A third photo shows a wye switch. Note that the modeler had to combine several things that I have mentioned above. The guard rail before the switch, and the back side of the point acting as a guard.


Questions? Ask!!




Herb



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 Posted: Sat Mar 16th, 2013 03:28 am
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W C Greene
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Quite well written, Mr. Kephart. Even a doofus like me can understand this. BTW, every time I ride the McKinney Ave trolley here in Dallas, I am amazed at how the cars can go through the pointess and single point switches (the crew calls them switches, not turnouts). I love the BUMP and WHANG they make...lovely!

Woodie



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 Posted: Sat Mar 16th, 2013 04:23 am
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Kitbash0n30
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Tile between rails is interesting touch. Oh, brain just registered that it evokes cobblestones.

Last edited on Sat Mar 16th, 2013 04:28 am by Kitbash0n30



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 Posted: Sat Mar 16th, 2013 07:09 am
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Across the Bridge
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Herb Kephart wrote:
Now to illustrate the next type of switch—the single point. I am  showing some pictures that I got off the internet, a while back, that were not credited either as to the modeler or the photographer.

That would be Tramcar Trev from the Lanyon Valley Electric Tramway...... http://trevstramway.blogspot.com.au/?zx=8ea36f98629157e2




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 Posted: Sat Mar 16th, 2013 03:42 pm
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Herb Kephart
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Thank you, but the link comes up as "blog not found" for me.

Do you know a way to contact Trev? if you know his Email, please PM me.

Again, thanks!

Herb



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 Posted: Sun Mar 17th, 2013 12:33 am
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Tramcar Trev
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G'day Cobbers, tis me Tramcar Trev.
Ok now the pictures you have posted, I look at it this way anything I post on the net is for others to see and enjoy and TO USE for non financial gain. If I didn't want my work exposed I wouldn't post pics or update my blog; http://trevs-tramway.blogspot.com.au/

I realise some are sensitive about what is posted but that in my opinion defies the 1st law of Net Sense. If you don't want it seen or used don't post it.... This is the reason I don't post my now infamous sex tapes online... Sorry that's some Australian humour:glad:
On the topic of points my personal piece de resistance is my 3 way Car yard fan. can't work out how to post pics here yet but they are on my blog with construction details.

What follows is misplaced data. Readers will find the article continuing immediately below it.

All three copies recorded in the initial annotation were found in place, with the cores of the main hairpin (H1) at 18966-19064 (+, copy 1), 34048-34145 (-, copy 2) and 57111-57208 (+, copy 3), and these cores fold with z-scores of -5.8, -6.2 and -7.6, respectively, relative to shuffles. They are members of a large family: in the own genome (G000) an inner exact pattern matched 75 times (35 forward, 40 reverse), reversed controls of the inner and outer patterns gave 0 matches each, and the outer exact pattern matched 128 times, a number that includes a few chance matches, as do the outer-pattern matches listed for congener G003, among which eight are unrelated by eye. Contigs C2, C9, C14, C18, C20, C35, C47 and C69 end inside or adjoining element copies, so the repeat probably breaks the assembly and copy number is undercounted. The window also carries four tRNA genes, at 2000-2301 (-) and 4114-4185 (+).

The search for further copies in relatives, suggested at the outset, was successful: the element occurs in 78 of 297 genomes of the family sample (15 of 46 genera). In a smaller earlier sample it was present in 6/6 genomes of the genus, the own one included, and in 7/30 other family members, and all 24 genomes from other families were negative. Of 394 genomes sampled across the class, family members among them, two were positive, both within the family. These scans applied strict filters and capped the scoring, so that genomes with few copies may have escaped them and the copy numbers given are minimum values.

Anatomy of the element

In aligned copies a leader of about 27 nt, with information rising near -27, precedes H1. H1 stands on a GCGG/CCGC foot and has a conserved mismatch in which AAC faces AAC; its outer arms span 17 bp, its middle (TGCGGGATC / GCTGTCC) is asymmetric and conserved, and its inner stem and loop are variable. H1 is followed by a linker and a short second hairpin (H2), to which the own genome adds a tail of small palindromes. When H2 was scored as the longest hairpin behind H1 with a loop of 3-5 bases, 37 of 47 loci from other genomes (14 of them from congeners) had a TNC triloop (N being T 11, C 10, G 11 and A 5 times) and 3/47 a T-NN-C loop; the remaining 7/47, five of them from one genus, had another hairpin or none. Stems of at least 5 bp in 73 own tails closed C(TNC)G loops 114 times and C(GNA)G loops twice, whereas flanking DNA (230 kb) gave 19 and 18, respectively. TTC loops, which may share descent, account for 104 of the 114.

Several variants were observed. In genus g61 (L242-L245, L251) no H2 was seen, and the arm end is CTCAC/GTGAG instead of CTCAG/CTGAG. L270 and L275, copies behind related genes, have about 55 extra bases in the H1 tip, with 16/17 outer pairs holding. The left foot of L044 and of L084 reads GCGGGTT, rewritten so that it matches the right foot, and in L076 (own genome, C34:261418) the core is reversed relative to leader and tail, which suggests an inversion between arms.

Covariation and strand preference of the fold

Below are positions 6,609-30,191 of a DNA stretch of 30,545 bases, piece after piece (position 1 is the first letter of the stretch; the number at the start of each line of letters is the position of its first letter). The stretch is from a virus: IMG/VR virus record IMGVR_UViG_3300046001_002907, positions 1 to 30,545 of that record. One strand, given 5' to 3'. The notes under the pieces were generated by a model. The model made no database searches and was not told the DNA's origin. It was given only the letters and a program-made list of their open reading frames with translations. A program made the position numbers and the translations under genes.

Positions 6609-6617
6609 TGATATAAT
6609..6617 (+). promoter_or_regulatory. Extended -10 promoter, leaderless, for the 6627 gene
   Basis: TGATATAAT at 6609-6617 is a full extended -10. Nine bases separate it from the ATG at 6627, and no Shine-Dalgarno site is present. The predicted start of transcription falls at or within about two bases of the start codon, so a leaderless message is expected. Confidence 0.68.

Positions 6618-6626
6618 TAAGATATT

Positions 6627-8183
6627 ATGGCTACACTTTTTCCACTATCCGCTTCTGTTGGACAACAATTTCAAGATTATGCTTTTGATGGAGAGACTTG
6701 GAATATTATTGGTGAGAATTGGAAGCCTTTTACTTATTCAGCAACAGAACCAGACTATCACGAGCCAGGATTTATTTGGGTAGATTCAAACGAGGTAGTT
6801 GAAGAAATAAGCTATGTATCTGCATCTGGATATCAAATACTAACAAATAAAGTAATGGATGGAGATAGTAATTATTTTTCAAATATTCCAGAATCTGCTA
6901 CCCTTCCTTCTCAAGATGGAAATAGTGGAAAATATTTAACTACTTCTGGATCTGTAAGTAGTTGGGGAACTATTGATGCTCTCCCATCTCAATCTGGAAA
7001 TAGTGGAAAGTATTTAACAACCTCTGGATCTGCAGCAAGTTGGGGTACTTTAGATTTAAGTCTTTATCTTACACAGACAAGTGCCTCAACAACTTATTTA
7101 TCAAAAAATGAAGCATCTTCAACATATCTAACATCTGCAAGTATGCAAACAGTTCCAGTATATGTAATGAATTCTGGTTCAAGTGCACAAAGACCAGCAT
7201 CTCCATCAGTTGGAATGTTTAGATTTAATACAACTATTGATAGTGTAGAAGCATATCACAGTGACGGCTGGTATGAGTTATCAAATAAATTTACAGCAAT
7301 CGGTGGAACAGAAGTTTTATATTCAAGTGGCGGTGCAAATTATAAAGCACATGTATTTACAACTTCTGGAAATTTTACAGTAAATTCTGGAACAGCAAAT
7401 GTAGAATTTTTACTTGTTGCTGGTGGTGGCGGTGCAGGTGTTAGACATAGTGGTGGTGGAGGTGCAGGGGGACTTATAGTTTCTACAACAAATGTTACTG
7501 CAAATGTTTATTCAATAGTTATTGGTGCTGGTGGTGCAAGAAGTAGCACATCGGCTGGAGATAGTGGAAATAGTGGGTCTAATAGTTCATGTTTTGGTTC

http://trevs-tramway.blogspot.com.au/search?updated-max=2013-01-12T19:11:00%2B11:00&max-results=20&start=10&by-date=false

Last edited on Sun Mar 17th, 2013 01:15 am by Tramcar Trev



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 Posted: Sun Mar 17th, 2013 03:04 am
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Herb Kephart
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OH S**T

You mean I missed the tapes?

Thank you Trev! Your thoughts are right in line with mine re the net, Mate.

Herb



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 Posted: Sun Mar 17th, 2013 01:07 pm
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Bernd
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Hey Trev,

A fellow DYIer, all right. :glad: :glad: :glad: :glad:

Going to have to peruse your blog. I'm very interested in doing etchings. I've also done my own boards. Have to compliment you on your boards. They sure came out better than mine did when I tried it.

Bernd

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 Posted: Sun Mar 17th, 2013 02:57 pm
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W C Greene
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The only time I got upset with someone posting photos of my junk on the net was when a "gent" had photos of the Mogollon Railway on his "blog" and outright stated that they were his railroad! I would have never known this until a couple of guys informed me about it. I wrote a message on the blogger's comments about this and...next day, the blog and everything was gone!

Now, back to tight radius curves. I saw a couple of those at the mall yesterday. I hope Pam doesn't read this.

Woodie



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 Posted: Sun Mar 17th, 2013 10:21 pm
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Tramcar Trev
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Bernd wrote:
Hey Trev,

A fellow DYIer, all right. :glad: :glad: :glad: :glad:

Going to have to peruse your blog. I'm very interested in doing etchings. I've also done my own boards. Have to compliment you on your boards. They sure came out better than mine did when I tried it.

Bernd


Bernd, I found etching to be a super way to actually "Make things" rather than try and cut out fine detail with a jewelers saw. You can see what I mean if you can find the post on "etching for amateurs" in my blog, no reason it could not be repeated here if anyone wants it, as I say I post stuff on my blog to help fellow enthusiasts....



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There once was a man who said Damn!!
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A creature that moves
in predestinate groves
I'm not a Bus, I'm a tram